Ray Rice and Adrian Peterson have more in common than the fact that their domestic violence has become headline news. They’re both running backs in the midst of successful careers. Both have wives and child(ren). And both men are, apparently, Christians.
Adrian Peterson, in his first “official” statement after being indicted by a grand jury for injury to a child, posted a photo of Bible verses to his Twitter account. Ray Rice, who was cut from the Baltimore Ravens once video surfaced of him punching his wife so hard she lost consciousness, reportedly became a “born again” Christian after the incident. He claims to be a “changed man.”
At face value, their crimes seem different. Peterson, acting in what he saw as an appropriately loving way, beat his son bloody with a “switch”–or, as he called it, “whooped” him… in the legs, buttocks, and scrotum. Many people, including celebrities and former athletes like Charles Barkley, have defended Peterson’s actions. Spanking is not abuse, they say. Since they themselves survived being “switched, ” so can their kids.
Not as many people have sought to defend Ray Rice’s actions, which, unlike Peterson’s, were caught on video. Rice can be seen punching his wife Janay in an elevator, then standing over her unconscious body, apparently unphased. While Peterson was just suspended for his actions, Rice was (eventually) cut by the Ravens.
What’s interesting is the seeming distinction some have made between these two actions. One is seen as debatable (spanking) while the other is not (domestic abuse.)
In discussions on the use of spanking, especially among Christian parents who support the practice, many have quoted the Bible. “Whoever spares the rod spoils the child” (Proverbs 13:24). As is Proverbs 23:13, “Do not withhold discipline from a child; if you punish them with the rod, they will not die.”
Yet, if we are to use the Bible as a defense for corrective violence, we must note that its admonitions do not only apply to children. In Bible times children, women, and slaves were all under the “headship” of their father/husband/master. Instructions regarding “obedience” were given not just to children, but also to wives and servants. Why would it then be OK to use physical discipline on your servants and children, but not your wife, since all fall under the same household codes?
According to some Christians, there is no distinction. Have you heard of “Christian Domestic Discipline?” It’s the practice of husband’s “lovingly” disciplining their wives with spanking (not that kind) if they disobey. Well. At least their consistency is refreshing. (Though I’ve not found anyone using the Bible to justify physical violence against their household help.)
To many Christians, this thinking is absurd. Even proponents of Christian Domestic Discipline would agree that what Ray Rice did to his wife was abusive. And many of those who believe in spanking have agreed that Adrian Peterson crossed a line.
But how did we even get to this place?
Patriarchy explains a lot. The notion that “real men” should be in charge and that women and children should defer to them–this is an assumption prevalent both in and outside the church. You know what else Adrian Peterson and Ray Rice have in common? The NFL is an institution that perpetuates a patriarchal view of worth and value. The wives of NFL players (most of them) stay home and do whatever they can to support their men. The husbands are the stars, the bread-winners, and the ones who everyone else’s lives revolve around. The NFL might not be a “biblical” organization, but they sure are a patriarchal one.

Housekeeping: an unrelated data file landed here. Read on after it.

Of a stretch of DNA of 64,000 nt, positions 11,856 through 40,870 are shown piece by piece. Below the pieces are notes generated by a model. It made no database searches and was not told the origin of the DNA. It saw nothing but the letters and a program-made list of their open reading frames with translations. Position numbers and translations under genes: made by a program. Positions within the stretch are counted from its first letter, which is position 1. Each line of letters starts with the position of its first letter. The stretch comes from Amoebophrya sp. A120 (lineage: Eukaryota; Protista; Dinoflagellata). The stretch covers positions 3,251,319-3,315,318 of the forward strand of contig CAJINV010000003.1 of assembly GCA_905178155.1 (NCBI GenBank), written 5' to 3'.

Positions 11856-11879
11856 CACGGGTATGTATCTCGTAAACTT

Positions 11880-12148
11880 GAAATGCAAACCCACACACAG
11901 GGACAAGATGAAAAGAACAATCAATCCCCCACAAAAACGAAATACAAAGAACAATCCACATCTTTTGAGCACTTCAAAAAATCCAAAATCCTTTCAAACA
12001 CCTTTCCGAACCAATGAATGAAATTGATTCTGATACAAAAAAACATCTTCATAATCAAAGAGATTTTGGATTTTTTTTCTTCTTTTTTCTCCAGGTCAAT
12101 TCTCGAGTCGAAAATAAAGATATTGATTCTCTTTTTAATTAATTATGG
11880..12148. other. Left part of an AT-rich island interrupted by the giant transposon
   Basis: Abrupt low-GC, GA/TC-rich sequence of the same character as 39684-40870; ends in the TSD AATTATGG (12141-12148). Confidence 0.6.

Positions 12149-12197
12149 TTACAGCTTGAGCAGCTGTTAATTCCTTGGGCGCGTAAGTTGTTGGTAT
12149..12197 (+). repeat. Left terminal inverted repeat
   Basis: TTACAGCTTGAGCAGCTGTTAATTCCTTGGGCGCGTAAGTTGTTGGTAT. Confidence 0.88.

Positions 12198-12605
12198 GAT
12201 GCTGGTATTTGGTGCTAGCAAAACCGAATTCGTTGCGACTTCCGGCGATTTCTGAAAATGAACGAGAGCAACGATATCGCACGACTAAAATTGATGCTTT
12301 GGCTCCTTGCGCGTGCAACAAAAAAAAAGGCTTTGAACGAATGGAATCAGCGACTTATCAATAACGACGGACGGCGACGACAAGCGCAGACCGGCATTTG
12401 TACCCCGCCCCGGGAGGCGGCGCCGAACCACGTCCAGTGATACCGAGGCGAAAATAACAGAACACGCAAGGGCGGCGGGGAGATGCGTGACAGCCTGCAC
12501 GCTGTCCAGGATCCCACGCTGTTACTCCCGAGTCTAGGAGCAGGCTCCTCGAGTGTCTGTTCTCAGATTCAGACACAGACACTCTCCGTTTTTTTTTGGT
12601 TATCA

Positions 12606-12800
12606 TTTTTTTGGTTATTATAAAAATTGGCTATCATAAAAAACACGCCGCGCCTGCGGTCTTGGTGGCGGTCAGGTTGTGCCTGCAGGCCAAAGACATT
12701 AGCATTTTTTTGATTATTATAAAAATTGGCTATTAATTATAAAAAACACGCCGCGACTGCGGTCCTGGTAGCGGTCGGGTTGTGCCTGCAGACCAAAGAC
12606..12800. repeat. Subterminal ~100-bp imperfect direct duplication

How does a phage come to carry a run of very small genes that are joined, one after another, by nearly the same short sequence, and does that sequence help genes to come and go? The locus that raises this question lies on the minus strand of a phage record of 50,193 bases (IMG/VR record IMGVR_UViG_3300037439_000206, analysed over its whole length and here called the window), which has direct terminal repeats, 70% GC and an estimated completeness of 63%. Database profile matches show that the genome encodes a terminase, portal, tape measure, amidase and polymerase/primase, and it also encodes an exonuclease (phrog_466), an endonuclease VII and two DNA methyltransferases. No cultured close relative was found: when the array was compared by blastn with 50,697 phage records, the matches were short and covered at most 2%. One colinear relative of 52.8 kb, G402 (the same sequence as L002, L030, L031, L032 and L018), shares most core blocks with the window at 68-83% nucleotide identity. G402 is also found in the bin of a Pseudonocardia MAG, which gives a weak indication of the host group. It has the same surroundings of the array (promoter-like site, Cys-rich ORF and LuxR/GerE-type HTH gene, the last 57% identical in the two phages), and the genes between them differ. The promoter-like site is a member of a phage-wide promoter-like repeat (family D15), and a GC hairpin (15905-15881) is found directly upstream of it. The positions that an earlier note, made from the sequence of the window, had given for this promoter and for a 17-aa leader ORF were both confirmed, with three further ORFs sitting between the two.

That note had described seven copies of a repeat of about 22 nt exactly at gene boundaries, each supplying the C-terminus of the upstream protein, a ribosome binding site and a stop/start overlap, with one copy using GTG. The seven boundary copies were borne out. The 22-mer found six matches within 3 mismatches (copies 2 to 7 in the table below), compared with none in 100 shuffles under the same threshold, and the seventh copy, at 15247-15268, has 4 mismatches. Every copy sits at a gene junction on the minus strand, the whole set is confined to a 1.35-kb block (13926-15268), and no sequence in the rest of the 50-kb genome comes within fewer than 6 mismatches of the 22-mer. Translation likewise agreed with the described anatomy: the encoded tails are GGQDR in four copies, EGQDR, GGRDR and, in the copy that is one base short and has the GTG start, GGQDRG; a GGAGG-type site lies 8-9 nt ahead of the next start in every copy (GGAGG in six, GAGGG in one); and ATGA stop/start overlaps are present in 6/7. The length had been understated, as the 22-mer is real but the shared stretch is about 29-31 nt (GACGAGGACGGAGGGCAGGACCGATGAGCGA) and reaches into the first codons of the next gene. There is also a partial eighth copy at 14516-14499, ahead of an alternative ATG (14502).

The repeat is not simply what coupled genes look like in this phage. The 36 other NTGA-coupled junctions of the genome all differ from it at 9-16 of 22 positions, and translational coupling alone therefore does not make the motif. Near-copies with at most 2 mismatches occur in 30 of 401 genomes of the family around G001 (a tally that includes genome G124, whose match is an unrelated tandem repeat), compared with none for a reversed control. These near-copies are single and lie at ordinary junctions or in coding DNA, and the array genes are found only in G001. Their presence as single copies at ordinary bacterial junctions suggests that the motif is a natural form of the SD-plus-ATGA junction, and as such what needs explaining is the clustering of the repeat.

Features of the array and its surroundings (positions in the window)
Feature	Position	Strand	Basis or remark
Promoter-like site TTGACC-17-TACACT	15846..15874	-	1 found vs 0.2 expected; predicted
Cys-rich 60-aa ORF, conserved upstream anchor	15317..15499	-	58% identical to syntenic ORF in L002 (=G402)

The problem is that patriarchy does not work. It does not lead to happy, healthy families, but instead breeds a culture of abuse – physical, emotional, spiritual, or even sexual. When women and children are seen as less than men, they’re treated that way. Which means their abuse becomes justifiable. It’s no wonder that an organization with no female coaches, players, announcers, owners, or referees would fail to treat women with the respect they deserve.
The solution to the problem of violence in the NFL isn’t just to hire more women (although that would be a good start). We’ve tried this is the society more broadly since second wave feminism in the 1970s. If the problem is misogyny, then the answer is getting more people – especially Christians – to see women as not just equal to men, but as people just as deserving of respect, success, and leadership roles.
This is, after all, what the Bible says. Women in the Bible were not always just the “helpers” of men. They were teachers, church planters, and, in the case of the resurrection, the ones who Christ chose to reveal himself to first.
Perhaps if more Christian men were taught in church about these women leaders and the significance of their contributions to the faith, there’d be less abuse. Maybe if we didn’t teach Christian women that the most important thing they can do in their marriage is submit, more wives would be able to leave abusive husbands. Imagine how much more empowered young women could be when choosing significant others if they were taught by their churches that Christ is fully realized in them as they are, and that a partner is not needed to complete them.
This is indeed how Jesus views women. But it’s not always how to church has seen them, or how men in church have either.
What is needed to help prevent more incidents of domestic violence – in our sports, and in our churches – is not just harsher punishments and laws. We also need a shift in how we view and treat women. Until we learn to see women as Jesus sees them, we’re not going to change a thing.